How to model and render a surrealist scene

Enrico Cerica uses Blender to bring his imagination to life in this surrealist image, from modelling to rendering.

I've always been fascinated by surrealism. I often have Magritte in mind when I create my work, in the way he distorts reality to create ambiguity and push the viewer to search and find the hidden messages, as can be seen in this image Cyber Destiny: Repairing GrandMa.

Often what is really exciting is when you start rendering and progressively discover your idea becoming reality. With this kind of scene I enjoy the whole process, beginning with the research, which may require several weeks of maturation.

I usually don't have a precise plan of what I will create. The start point is an idea, then I let my imagination lead my work. I may change my mind during the process to achieve an attractive result, but without straying too far from the core idea.

"It's hard to get light inside a room so I tend to place some emit planes in front of the windows to increase the light entering the room,"Cerica comments

The next step consists of creating the overall environment to get an idea of the space. I then create the models and furniture and proceed with the details. I model everything I'm using in this scene, from the vase to the more complex rigged robots, so I tend to reuse existing models to make the process quicker.

I use Blender for almost all the modelling and texturing, including UV mapping, texture painting, sculpting and fluid simulations. In this image I used particle systems for the carpets and plants. When accurate cloth is required, I use Marvelous Designer as it produces high-quality meshes, then use Blender's Decimate modifier to reduce the amount of polygons without losing quality.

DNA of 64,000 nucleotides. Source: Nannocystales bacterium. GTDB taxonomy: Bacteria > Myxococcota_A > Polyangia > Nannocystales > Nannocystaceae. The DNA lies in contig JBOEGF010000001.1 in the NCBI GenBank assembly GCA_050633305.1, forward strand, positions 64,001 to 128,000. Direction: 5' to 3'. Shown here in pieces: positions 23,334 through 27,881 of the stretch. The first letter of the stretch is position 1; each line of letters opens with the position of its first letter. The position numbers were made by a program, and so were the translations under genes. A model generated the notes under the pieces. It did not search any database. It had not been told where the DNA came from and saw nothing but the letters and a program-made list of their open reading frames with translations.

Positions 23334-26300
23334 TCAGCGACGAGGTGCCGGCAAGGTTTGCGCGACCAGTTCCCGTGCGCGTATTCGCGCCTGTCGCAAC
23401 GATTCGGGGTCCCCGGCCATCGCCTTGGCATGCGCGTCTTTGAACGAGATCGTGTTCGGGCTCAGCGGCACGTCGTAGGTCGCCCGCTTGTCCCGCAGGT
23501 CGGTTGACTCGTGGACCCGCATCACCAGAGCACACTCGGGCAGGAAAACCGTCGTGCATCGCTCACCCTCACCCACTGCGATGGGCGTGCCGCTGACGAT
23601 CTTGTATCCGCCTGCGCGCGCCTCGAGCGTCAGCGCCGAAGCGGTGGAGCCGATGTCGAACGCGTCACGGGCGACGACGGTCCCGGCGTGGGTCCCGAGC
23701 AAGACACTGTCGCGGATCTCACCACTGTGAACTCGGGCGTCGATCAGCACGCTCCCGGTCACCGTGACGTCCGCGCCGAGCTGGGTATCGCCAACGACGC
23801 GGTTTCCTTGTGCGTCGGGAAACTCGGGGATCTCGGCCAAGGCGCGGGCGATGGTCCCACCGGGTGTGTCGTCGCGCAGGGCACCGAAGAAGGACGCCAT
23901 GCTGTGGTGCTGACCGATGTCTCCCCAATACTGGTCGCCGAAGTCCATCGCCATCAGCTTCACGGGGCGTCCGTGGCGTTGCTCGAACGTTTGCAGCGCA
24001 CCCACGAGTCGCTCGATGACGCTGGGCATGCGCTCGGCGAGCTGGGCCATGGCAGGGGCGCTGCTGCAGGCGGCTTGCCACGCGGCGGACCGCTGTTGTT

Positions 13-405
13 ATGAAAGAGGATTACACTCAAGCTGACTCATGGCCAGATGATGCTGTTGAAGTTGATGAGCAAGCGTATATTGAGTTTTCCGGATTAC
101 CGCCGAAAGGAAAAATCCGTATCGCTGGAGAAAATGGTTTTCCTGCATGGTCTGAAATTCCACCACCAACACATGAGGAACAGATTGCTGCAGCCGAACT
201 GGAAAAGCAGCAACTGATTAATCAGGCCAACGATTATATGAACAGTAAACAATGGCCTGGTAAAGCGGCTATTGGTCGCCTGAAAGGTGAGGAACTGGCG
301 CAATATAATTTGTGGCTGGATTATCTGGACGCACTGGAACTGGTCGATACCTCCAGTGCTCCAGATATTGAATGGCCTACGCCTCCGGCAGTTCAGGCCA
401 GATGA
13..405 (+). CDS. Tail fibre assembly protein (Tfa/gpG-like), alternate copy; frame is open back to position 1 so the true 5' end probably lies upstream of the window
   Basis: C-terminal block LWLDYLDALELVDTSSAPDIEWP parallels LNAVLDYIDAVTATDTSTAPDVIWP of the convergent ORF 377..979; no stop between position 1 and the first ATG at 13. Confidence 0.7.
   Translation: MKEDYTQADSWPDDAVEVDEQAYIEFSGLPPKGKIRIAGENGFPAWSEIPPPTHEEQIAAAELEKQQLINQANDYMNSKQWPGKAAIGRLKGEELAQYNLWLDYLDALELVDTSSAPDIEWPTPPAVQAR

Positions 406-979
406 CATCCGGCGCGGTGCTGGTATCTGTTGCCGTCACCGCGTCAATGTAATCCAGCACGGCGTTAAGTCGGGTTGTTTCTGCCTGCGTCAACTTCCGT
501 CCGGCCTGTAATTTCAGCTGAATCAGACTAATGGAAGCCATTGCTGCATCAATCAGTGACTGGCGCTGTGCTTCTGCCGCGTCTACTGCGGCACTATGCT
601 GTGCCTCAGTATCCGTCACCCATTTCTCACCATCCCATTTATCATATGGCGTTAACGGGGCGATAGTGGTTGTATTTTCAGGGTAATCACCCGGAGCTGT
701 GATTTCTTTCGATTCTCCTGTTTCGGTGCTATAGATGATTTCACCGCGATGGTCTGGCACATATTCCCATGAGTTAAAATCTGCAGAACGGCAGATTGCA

As I use Octane to render, I always consider the memory and texture limits during the modelling process. I use Instances Scattering for the high amount of objects used in carpets; here I used the particle system for the carpet but the rest is standard modelling.

Making the scene's furniture

01. UV mapping

Unwrap the chair and organise the unfolded parts over the mapping space

I unwrap the chair and organise the unfolded parts over the mapping space. I then use the Texture Paint function to paint the texture map directly on the model.

02. The maps

Improve the map that was generated by Blender to add some more scratches

I improve the map that was generated by Blender to add some more scratches and also to create the bump, specular, mask and eventually the normal maps.

03. Octane Node

The OctaneRender for Blender plug-in offers a Node Graph Editor similar to the one used, with Cycles

I create the Octane Material Node. The OctaneRender for Blender plug-in offers a Node Graph Editor similar to the one used, with Cycles. It relies on the same interface.

Words: Enrico Cerica

While Enrico Cerica has worked in IT for 24 years, not touching CG in his day job, he creates stunning commercial still images and arch-viz projects in his spare time as a freelancer. This article originally appeared in 3D World issue 182.

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